Although exciting, the exploratory data based on PIK3CA mutations in ctDNA need to be confirmed in further prospective studies. One notable question that needs to be addressed in future studies is why the cohort of patients with PI3K-activated tumors as assessed through archived tissue samples failed to meet its endpoint. During the question period following the presentation, Dr. Baselga suggested that this result was not simply due to the presence of patients with PTEN loss in the PI3K-activated tumor group; he seemed to believe the use of BEAMing technology on the ctDNA samples was a more sensitive measure for the presence of a predictive biomarker. If Novartis chooses to pursue this approach, it will be moving to reinforce an idea heard repeatedly at this year’s conference. The individualized nature for breast cancer is more than just the three different groupings currently used to decide treatment approach (HR+, HER2+, triple-negative) but will be further segmented so that individual patients will receive the best treatment.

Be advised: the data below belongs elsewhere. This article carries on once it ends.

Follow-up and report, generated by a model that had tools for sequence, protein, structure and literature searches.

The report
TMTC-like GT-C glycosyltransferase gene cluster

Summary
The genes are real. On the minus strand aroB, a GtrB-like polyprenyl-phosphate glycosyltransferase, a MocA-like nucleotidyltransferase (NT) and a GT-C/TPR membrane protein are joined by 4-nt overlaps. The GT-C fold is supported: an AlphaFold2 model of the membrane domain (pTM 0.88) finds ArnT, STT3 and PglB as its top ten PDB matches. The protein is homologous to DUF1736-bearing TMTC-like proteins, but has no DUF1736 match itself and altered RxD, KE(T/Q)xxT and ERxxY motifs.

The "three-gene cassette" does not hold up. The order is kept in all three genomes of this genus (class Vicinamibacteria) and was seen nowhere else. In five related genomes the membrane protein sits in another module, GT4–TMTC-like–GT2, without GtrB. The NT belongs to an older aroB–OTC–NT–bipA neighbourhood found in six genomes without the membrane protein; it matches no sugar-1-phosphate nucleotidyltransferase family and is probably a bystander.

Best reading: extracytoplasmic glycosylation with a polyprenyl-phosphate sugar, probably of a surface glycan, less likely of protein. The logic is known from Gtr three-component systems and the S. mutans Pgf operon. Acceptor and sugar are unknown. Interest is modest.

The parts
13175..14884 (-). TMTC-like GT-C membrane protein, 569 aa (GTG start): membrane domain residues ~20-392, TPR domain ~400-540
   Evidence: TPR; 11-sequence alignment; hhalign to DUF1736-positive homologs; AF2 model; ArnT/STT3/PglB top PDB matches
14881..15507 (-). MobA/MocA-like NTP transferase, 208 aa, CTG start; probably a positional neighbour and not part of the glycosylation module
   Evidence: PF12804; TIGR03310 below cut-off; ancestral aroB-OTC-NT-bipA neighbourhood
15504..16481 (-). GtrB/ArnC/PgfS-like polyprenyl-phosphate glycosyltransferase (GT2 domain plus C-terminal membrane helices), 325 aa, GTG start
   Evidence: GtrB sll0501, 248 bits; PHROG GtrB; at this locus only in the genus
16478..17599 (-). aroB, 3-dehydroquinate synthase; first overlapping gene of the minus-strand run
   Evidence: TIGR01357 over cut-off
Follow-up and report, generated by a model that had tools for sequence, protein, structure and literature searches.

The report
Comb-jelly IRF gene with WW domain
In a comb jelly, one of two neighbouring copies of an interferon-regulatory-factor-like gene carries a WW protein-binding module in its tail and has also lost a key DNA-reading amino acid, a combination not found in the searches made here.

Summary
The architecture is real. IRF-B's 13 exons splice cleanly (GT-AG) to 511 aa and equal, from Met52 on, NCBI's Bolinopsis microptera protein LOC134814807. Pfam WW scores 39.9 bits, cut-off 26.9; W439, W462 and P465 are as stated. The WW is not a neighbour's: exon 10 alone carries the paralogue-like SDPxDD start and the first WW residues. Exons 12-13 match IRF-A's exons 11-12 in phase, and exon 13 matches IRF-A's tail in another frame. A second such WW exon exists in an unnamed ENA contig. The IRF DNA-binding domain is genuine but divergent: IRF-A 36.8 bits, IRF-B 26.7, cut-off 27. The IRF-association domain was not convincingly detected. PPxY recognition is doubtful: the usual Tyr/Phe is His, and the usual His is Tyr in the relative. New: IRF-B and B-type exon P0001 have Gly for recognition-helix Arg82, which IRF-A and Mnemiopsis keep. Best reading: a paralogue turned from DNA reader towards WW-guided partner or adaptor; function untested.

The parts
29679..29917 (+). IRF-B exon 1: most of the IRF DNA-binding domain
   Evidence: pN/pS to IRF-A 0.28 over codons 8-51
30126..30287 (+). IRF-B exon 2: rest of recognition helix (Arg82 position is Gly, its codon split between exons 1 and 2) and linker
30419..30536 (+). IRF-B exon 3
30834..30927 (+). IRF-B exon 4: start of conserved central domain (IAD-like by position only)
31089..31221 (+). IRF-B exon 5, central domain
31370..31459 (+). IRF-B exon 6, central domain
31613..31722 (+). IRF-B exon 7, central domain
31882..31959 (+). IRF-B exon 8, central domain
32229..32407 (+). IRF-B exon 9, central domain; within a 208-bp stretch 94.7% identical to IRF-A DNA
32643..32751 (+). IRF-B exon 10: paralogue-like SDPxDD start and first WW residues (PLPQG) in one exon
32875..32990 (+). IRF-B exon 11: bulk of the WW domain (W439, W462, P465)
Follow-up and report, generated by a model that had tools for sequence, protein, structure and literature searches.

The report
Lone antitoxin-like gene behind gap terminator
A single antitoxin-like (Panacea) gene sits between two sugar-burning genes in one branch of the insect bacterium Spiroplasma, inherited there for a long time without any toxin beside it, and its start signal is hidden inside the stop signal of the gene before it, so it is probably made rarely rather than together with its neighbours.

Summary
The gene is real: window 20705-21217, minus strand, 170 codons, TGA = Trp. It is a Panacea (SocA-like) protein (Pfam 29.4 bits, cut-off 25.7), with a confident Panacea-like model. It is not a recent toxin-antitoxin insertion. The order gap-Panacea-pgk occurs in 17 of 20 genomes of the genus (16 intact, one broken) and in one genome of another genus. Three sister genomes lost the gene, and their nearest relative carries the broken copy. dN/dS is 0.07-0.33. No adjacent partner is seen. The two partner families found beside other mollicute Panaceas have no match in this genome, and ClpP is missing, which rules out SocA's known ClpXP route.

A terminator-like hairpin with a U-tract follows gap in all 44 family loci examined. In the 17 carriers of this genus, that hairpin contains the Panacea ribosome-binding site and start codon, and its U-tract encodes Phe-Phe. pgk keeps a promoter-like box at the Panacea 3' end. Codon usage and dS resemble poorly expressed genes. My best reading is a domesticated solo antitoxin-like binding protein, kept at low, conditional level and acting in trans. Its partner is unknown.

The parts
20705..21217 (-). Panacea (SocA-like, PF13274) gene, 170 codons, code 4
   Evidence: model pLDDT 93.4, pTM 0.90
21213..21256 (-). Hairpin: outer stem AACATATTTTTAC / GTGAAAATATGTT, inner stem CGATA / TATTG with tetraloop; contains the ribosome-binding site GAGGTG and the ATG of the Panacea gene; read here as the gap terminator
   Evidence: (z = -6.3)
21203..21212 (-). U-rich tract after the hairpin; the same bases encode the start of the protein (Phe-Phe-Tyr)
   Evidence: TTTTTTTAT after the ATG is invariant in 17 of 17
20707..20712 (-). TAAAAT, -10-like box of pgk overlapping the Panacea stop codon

* It should be noted that due to the use of three co-primary endpoints, the one-sided α was split using a gate-keeping approach to keep the overall type-1 error at α=0.025.  Therefore, the p-value required for meeting the endpoint in the PI3K activated group was 0.01.


  1. Baselga J, NEJM, 366: 520, 2012
  2. Finn RS, Lancet Oncology, 16:25, 2014
  3. Baselga, Proc of the San Antonio Breast Cancer Symposium, Abstract S6-01, 2015
  4. Higgins M, Clin Cancer Res, 18:3462, 2012.
  5. Turner, NEJM, 373: 209, 2015.